It’s strange, isn’t it, that the Michelin Man, cousin to the Stay Puft Marshmallow Man, graces the cover of the most esteemed restaurant guide in the world. Somehow the roly-poly cartoon character just doesn’t jibe with the haute cuisine discussed inside. And yet Michelin’s three-star system defines high-end dining, the addition or subtraction of a star making or breaking the chefs who vie for recognition.
In Three Stars, documentarian Lutz Hachmeister profiles 10 chefs who have earned this top rating, exploring their culinary styles, from molecular gastronomy to sourcing local ingredients, and their kitchen rituals. There’s some attempt at globalization, with the inclusion of Frenchman Jean-Georges Vongerichten’s Eurasian eatery in the Trump Tower in New York and Hideki Ishikawa of Tokyo, where the Michelin rating just doesn’t mean as much. But otherwise the subjects are from France, Spain, the Netherlands, Germany, Denmark and Italy, a strongly Eurocentric showing that belies the guide’s claims that it’s broadening its standards as to what types of establishments can garner a star rating.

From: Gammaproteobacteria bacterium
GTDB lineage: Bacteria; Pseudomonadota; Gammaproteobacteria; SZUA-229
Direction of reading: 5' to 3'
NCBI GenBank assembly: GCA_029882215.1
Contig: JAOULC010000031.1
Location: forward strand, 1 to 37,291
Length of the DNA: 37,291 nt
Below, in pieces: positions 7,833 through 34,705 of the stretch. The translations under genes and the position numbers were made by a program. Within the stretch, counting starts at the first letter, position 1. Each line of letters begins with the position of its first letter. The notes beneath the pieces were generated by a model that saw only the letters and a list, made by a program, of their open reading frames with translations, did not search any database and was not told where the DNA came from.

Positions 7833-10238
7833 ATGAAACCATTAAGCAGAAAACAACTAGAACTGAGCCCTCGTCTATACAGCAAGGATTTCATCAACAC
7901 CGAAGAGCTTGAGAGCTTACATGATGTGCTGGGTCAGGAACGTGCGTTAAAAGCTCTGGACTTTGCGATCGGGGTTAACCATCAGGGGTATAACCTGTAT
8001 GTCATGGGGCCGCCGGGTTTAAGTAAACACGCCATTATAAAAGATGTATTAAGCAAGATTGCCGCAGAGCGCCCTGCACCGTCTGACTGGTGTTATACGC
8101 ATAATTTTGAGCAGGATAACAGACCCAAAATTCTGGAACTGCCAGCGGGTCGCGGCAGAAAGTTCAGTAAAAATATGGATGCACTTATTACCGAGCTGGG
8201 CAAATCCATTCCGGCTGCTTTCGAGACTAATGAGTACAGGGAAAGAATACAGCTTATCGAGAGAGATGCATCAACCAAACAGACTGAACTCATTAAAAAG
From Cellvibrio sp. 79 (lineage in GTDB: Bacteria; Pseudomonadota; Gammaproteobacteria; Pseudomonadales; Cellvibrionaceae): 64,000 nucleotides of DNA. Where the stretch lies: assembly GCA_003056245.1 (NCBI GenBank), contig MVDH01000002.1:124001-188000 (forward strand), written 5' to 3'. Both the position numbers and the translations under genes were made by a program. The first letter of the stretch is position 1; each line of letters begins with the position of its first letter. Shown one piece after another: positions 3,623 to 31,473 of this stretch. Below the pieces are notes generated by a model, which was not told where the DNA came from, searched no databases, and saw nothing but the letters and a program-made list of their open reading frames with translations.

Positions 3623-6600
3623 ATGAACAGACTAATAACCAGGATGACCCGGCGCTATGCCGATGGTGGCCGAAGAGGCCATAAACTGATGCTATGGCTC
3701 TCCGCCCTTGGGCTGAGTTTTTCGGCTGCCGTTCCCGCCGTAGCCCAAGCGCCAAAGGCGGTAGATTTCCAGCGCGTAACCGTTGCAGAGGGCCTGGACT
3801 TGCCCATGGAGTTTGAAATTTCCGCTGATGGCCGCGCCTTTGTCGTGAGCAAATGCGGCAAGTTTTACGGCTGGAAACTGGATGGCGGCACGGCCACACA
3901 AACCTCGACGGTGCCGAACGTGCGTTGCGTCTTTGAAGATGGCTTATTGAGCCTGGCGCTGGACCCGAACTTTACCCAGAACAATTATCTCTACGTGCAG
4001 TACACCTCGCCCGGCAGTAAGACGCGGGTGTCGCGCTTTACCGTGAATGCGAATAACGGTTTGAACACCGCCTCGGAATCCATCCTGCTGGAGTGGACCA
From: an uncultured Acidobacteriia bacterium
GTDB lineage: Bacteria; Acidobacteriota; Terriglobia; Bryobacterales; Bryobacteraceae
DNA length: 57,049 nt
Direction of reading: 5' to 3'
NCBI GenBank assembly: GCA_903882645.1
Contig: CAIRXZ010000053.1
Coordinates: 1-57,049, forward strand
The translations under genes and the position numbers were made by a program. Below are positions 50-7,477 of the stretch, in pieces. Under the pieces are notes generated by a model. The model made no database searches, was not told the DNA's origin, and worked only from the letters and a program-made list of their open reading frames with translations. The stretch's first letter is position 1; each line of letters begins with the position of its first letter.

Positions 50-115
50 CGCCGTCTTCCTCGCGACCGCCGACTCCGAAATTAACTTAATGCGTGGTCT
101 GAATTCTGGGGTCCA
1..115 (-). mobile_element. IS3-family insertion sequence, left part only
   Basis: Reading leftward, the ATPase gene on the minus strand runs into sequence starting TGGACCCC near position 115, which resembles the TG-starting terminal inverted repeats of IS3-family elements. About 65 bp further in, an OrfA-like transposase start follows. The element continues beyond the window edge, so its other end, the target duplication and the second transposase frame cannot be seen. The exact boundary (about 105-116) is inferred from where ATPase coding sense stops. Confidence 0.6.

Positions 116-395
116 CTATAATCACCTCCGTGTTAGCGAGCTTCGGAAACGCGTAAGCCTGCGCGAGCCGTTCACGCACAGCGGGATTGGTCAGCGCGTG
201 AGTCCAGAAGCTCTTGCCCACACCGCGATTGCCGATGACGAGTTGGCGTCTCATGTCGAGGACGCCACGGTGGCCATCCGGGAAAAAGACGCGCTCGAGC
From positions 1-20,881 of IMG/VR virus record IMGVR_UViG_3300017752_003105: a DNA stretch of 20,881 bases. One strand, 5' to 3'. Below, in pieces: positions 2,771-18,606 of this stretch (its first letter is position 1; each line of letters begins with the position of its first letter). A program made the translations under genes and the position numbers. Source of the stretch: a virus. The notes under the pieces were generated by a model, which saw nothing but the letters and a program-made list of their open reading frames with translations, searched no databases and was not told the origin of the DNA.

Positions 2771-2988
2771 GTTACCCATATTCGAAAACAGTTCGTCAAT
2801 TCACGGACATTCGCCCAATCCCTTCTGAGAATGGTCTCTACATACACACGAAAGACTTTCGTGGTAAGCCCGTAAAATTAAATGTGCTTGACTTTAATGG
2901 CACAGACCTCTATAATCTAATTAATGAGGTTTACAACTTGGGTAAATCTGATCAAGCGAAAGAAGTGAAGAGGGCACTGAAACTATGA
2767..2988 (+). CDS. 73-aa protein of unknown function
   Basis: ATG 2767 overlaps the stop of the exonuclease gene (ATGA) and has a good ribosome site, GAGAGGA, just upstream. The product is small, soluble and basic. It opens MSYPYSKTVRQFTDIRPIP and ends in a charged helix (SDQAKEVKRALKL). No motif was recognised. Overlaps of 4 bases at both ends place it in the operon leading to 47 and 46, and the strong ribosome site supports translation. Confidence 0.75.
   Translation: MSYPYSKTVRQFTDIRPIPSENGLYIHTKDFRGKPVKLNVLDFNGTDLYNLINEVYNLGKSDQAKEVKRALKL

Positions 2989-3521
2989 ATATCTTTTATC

Failing at a comprehensive approach, Hachmeister may have been better served by narrowing his attention to fewer subjects and focusing on the food. Unfortunately, the images of the plates aren’t especially beautiful, and equal weight is granted to the cooks’ philosophy about food (fascinating) and the operations of their businesses (not so much—computerized reservation systems just aren’t that interesting).
Meanwhile, in an attempt at plot, the film alludes to the immense pressure chefs feel to earn—and then keep—their Michelin stars, centering this aspect of the narrative on Olivier Roellinger, who has opted out of the Michelin star system. But such intensity isn’t necessarily demonstrated other than a questionable association to the 2003 suicide of Bernard Loiseau.
Loiseau’s notorious death could just as easily be attributed to financial issues, another theme touched on, but not fully explored in Three Stars. Most diners could not discern between a three-star and one-star restaurant, but apparently the difference is one of solvency and ruin.
If Three Stars has a thesis, it’s a critique of the Michelin star system—for its historically narrow definition of what constitutes a star-rated dining experience and for the strain it puts on chefs’ reputations and finances. But it’s a gentle critique—so gentle that the film ultimately lacks any flavor or bite.
Director: Lutz Hachmeister
Starring: Jean-Georges Vongerichten, Yannick Alléno, Juan Mari and Elena Arzak, Sven Elverfeld, Sergio Herman, Hideki Ishikawa, René Redzepi, Olivier Roellinger, Nadia Santini
Release Date: Sept. 21, 2012